Donald Trump may not like it, but Carrier's Mexico move is one of the many cost-cutting measures helping United Technologies (UTX) improve its bottom line.
The Farmington, Conn.-based company reported first-quarter earnings Wednesday of $1.47 per share beating Wall Street's estimate of $1.39, on sales of $13.36 billion. Results included 5 cents per share in restructuring charges, bringing adjusted earnings to $1.47.
The results were largely lauded as a win for United Technologies and its CEO, Gregory Hayes, who in December announced a $1.5 billion multi-year restructuring plan focused on structural cost reductions in high-cost locations in order to counter slow global growth and headwinds in several key businesses. One of the cost reductions was moving Carrier to Mexico. The move has come with political costs, however.
"Since Greg Hayes took the helm as CEO, he has really gone through the organization and really ferreted out where those opportunities lie, because it would appear for some time that wasn't such a priority, and when Hayes came aboard, he made it a priority," said Morningstar analyst Barbara Noverini.
United Technologies has looked across its various business units to gain efficiencies, streamline management layers and move manufacturing locations around the world. It has shifted operations to lower-cost countries like Poland and Mexico -- the latter of which has caught them quite a bit of heat.
Air-conditioner maker Carrier, which is owned by United Technologies, announced in February that it would be shipping more than 2,000 jobs from two Indiana plants to Mexico. A video posted on YouTube captured some of the workers' reactions as company president Chris Nelson delivered the news.
The move drew ire from local unions and politicians, with Indiana Governor saying he was "profoundly disappointed" by the decision and Indianapolis council member Zach Adamson saying the city should claw back the incentives and benefits Carrier had received to be in the city.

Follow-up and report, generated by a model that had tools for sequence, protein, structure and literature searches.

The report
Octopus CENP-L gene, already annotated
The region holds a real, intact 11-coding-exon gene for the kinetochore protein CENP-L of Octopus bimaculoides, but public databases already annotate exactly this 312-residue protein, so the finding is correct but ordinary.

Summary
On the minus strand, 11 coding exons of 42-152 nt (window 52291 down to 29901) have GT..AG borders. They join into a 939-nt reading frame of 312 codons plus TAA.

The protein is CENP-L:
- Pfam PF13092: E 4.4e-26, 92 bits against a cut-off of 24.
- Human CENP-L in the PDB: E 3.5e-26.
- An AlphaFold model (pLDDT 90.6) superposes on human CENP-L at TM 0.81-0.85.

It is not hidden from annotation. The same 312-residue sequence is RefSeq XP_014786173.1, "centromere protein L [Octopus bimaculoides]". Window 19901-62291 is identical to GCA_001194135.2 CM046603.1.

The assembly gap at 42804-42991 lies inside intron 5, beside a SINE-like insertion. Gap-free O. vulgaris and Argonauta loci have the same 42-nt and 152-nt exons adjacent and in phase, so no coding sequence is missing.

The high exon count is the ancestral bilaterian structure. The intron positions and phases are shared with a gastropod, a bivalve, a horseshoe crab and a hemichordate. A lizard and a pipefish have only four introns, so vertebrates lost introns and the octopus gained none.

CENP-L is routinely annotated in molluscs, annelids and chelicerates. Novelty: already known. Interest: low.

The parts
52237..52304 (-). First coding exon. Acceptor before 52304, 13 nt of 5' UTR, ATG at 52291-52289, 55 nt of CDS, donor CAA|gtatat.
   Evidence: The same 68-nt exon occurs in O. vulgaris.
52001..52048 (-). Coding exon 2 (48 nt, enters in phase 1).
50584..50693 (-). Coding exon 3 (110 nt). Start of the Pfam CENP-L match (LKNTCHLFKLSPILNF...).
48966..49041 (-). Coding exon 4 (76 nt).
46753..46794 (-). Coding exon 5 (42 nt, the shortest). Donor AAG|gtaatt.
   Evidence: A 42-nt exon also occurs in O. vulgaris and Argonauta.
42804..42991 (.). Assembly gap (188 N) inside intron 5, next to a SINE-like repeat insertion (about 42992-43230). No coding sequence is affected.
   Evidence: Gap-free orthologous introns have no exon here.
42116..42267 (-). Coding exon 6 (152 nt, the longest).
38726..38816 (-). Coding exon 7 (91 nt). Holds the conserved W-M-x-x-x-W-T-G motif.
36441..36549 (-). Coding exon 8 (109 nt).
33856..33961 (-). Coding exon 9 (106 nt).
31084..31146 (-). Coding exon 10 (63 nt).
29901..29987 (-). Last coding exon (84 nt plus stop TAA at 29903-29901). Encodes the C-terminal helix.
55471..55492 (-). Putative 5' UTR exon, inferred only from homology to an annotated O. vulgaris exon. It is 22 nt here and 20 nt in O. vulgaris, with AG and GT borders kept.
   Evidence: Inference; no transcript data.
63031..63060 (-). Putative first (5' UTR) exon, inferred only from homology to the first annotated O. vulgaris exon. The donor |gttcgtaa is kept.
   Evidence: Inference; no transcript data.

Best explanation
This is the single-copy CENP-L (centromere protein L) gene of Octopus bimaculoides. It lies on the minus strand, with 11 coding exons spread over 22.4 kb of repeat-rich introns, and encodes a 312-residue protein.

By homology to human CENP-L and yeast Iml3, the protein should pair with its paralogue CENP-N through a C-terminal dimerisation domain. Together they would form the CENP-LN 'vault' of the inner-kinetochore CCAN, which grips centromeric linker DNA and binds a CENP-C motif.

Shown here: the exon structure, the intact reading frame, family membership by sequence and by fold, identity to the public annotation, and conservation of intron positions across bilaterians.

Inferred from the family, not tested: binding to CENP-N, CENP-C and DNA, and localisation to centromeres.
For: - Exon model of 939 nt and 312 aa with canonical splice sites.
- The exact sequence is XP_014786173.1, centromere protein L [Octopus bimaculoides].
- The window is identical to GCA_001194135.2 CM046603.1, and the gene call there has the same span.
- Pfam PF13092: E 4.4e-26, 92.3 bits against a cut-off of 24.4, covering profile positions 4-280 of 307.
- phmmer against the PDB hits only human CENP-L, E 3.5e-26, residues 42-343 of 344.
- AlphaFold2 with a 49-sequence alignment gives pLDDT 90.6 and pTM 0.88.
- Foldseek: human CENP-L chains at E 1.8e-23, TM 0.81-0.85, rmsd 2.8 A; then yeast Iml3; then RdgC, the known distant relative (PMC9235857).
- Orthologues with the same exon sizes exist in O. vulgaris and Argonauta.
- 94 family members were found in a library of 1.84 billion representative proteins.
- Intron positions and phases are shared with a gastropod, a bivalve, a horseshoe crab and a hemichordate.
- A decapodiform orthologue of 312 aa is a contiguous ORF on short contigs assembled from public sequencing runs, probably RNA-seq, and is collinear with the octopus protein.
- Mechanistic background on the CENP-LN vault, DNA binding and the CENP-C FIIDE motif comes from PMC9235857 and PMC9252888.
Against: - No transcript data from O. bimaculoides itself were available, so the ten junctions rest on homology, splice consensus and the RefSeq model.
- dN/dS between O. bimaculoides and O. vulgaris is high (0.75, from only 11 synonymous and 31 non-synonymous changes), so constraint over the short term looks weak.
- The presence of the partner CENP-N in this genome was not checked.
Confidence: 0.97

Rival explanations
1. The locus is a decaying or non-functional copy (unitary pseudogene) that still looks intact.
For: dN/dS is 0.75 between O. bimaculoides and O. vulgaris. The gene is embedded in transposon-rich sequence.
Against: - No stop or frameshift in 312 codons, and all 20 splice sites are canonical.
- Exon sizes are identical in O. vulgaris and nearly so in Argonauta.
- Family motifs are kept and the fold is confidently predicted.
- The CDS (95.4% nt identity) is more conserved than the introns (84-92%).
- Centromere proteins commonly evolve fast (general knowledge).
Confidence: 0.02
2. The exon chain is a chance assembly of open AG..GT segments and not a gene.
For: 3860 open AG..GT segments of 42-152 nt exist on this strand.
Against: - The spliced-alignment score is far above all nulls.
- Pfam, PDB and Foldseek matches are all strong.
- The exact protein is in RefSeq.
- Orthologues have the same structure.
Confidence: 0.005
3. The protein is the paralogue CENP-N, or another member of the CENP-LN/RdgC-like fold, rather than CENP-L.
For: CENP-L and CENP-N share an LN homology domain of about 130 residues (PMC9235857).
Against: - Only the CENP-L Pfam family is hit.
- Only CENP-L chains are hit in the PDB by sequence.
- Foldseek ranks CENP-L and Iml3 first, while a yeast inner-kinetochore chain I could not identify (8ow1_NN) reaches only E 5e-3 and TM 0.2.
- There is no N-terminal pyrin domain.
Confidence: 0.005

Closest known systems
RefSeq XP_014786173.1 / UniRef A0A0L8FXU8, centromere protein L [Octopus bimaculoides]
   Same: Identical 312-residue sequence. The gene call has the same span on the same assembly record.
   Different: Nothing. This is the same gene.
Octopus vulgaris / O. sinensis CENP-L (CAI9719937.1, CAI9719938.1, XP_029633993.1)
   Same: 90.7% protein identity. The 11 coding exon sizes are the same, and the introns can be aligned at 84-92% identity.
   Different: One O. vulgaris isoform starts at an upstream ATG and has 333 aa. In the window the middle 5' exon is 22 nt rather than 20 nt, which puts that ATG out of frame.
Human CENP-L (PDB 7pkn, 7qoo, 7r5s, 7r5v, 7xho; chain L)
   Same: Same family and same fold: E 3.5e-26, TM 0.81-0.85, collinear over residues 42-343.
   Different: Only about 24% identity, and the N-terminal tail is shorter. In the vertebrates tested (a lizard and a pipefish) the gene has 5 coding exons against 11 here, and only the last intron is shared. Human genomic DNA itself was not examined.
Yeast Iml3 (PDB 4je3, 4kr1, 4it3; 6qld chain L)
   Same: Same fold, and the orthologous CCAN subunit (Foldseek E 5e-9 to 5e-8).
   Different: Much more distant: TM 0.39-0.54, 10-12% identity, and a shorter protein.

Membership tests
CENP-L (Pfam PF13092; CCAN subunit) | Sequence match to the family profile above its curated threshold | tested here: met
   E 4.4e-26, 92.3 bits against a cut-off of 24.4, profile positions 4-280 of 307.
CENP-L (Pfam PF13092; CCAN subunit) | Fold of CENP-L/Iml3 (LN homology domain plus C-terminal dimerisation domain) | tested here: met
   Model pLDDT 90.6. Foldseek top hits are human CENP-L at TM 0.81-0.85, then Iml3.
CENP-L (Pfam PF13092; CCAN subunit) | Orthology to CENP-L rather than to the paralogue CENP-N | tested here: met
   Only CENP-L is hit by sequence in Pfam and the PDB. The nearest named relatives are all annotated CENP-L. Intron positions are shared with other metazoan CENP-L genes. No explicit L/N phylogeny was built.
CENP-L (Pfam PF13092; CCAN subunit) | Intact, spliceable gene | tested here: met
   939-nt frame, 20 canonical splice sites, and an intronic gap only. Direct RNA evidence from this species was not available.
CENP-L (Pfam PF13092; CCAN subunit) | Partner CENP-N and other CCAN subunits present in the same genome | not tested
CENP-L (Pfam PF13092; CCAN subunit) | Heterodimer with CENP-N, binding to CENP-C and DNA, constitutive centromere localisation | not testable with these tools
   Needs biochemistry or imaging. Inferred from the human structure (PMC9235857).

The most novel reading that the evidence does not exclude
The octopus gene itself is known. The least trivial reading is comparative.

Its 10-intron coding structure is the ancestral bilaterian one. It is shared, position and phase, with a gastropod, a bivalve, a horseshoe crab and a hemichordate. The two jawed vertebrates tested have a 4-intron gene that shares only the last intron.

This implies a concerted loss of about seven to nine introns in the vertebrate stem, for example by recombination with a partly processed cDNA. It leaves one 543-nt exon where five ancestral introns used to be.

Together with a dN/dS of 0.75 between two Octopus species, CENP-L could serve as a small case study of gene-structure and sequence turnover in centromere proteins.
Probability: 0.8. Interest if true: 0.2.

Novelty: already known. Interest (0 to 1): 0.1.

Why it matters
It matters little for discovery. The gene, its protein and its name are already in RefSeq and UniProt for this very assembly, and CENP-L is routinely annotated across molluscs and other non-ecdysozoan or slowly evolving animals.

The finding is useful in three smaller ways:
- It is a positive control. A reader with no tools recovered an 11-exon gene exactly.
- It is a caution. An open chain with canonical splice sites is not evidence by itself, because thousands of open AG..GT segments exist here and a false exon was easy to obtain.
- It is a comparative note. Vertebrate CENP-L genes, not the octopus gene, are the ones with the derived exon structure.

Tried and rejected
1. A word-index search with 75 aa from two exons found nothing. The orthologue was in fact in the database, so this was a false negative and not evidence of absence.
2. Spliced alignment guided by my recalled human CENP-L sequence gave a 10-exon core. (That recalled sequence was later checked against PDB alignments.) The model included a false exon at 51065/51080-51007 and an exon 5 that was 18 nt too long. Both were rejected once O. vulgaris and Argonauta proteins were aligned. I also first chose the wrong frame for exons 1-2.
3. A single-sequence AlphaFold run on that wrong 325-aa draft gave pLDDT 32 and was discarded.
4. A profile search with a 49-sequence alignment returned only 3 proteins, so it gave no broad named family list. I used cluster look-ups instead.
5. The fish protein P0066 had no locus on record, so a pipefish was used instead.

But it was billionaire businessman Trump who brought the issue to the national stage. He frequently rails against Carrier on the campaign trail and uses it as an example of American trade deals gone bad. At a February presidential debate, he said that if he were president, he would be tough in his dealings with the company.
"I'm going to tell them, 'Now I'm going to get consensus from Congress and we're going to tax you,'" Trump said. "'So stay where you are [in Mexico] or build in the United States.' Because we are killing ourselves with trade pacts that are no good for us and no good for our workers."
He also mentioned the video, calling it a "sad situation."
With the Indiana primary approaching on May 3, Trump has continued his Carrier offensive, at a rally in Indianapolis saying he would "tax the hell" out of the company. Competitor Ted Cruz has given his two cents as well, telling the IndyStar it's a bad idea and blaming the current situation on Democrats. "It is responding to the disaster that is the Obama-Clinton economy. It is the federal government that has driven Carrier out of Indiana and is driving jobs away from America all across the country," he said.
Carrier has responded to criticism on multiple occasions, on Tuesday in a statement saying the move "wasn't an easy decision" and emphasizing a three-year transition timetable and an employee scholar program "to provide employees for both time and opportunity for a smooth transition."
Carrier representatives did not respond to request for further comment. United Technologies responded by saying it did not have anything to add beyond a statement already posted on its website.
Despite the regretful sentiments, given Wednesday's earnings results, the Carrier move and those like it are boding well for United Technologies' balance sheet.
"We are off to a solid start in 2016," said Hayes in a statement announcing first-quarter earnings. "UTC delivered strong operational performance in the first quarter with organic sales growth of 2%. We are also making progress on our strategic priorities, particularly our ability to invest in innovation as we continue to focus on structural cost reduction."
"It's always unfortunate when people lose their jobs. It's one of the realities, unfortunately, of running a global operation," said Noverini.